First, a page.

Stefanie Krug worked with Dr. Ksenia Tonyushkina and undergraduate Tibor Mascari to study the effects of environmental stressors and endocrine disruptors on the development and function of the hypothalamus-pituitary-thyroid (HPT) axis in zebrafish. The HPT axis controls the production of Thyroid Hormone, which is a essential for proper growth, brain development, metabolism and many other physiological processes. In humans, prenatal challenges can lead to transient and permanent thyroid disorders. We utilized a variety of experimental paradigms to mimic prenatal challenges including hypoxia, food deprivation and abnormal endocrine levels in embryonic and larval zebrafish. We then analyzed the effects on the HPT axis development and function using a range of molecular techniques as well as transgenic zebrafish lines. These studies promise to provide insights into the cellular and molecular mechanisms by which exposure to metabolic stressors can affect the ontogeny of central thyroid regulation and will improve our understanding of prenatal programming in the central thyroid regulation.
After growing up in Germany, Stefanie received the Highest Academic Achievement Award and an A.A. in Liberal Arts from Greenfield Community College. She went on to graduate summa cum laude with a B.S. with departmental honors in Biology from the University of Massachusetts in Amherst and Commonwealth College. Her research experience includes proteomic studies of Treponema pallidum; molecular studies of Trypanosoma brucei; circadian rhythms in mice, hamsters and primary cell culture; epigenetic and hormonal regulation of sex differences in mouse brain; and HPT axis development in zebrafish. Stefanie is an outdoor sports enthusiast, the acting president of the Pioneer Valley chapter of the New England Mountain Bike Association, a member of the national ski patrol, an avid disc golfer and a passionate cook.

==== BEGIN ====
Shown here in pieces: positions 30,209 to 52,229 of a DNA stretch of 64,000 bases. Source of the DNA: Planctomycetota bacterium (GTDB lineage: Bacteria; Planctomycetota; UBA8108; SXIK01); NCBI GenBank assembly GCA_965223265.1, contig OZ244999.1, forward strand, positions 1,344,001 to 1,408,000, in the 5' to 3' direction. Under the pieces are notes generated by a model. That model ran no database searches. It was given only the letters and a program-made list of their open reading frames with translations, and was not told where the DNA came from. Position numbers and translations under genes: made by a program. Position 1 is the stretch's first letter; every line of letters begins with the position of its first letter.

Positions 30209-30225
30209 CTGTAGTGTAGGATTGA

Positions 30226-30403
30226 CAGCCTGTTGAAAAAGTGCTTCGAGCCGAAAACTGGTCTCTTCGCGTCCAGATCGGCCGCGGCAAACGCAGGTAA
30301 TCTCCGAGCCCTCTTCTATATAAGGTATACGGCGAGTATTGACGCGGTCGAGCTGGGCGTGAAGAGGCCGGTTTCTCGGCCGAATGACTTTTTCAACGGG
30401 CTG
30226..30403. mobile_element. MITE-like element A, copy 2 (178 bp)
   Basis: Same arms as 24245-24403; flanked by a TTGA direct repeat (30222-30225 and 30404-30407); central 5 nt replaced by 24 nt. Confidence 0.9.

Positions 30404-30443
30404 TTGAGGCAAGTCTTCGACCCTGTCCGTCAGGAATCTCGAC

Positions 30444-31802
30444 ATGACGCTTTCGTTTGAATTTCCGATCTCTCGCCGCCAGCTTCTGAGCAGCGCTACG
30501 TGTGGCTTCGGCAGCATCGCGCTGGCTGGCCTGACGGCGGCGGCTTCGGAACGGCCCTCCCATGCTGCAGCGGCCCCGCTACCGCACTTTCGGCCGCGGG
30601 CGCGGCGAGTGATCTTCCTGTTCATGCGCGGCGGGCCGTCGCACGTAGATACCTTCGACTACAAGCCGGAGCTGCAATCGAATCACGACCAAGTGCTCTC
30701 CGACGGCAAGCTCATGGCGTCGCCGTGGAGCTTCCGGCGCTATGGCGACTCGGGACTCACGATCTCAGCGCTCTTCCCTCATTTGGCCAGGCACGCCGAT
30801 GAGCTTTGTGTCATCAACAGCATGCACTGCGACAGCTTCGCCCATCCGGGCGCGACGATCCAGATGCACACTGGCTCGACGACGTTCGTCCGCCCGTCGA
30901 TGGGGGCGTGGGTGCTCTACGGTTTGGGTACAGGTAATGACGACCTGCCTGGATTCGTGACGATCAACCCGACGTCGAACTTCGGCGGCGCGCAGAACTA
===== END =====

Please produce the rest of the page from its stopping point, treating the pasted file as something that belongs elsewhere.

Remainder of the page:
Stefanie is now a Ph.D. candidate in the Department of Microbiology at Johns Hopkins University.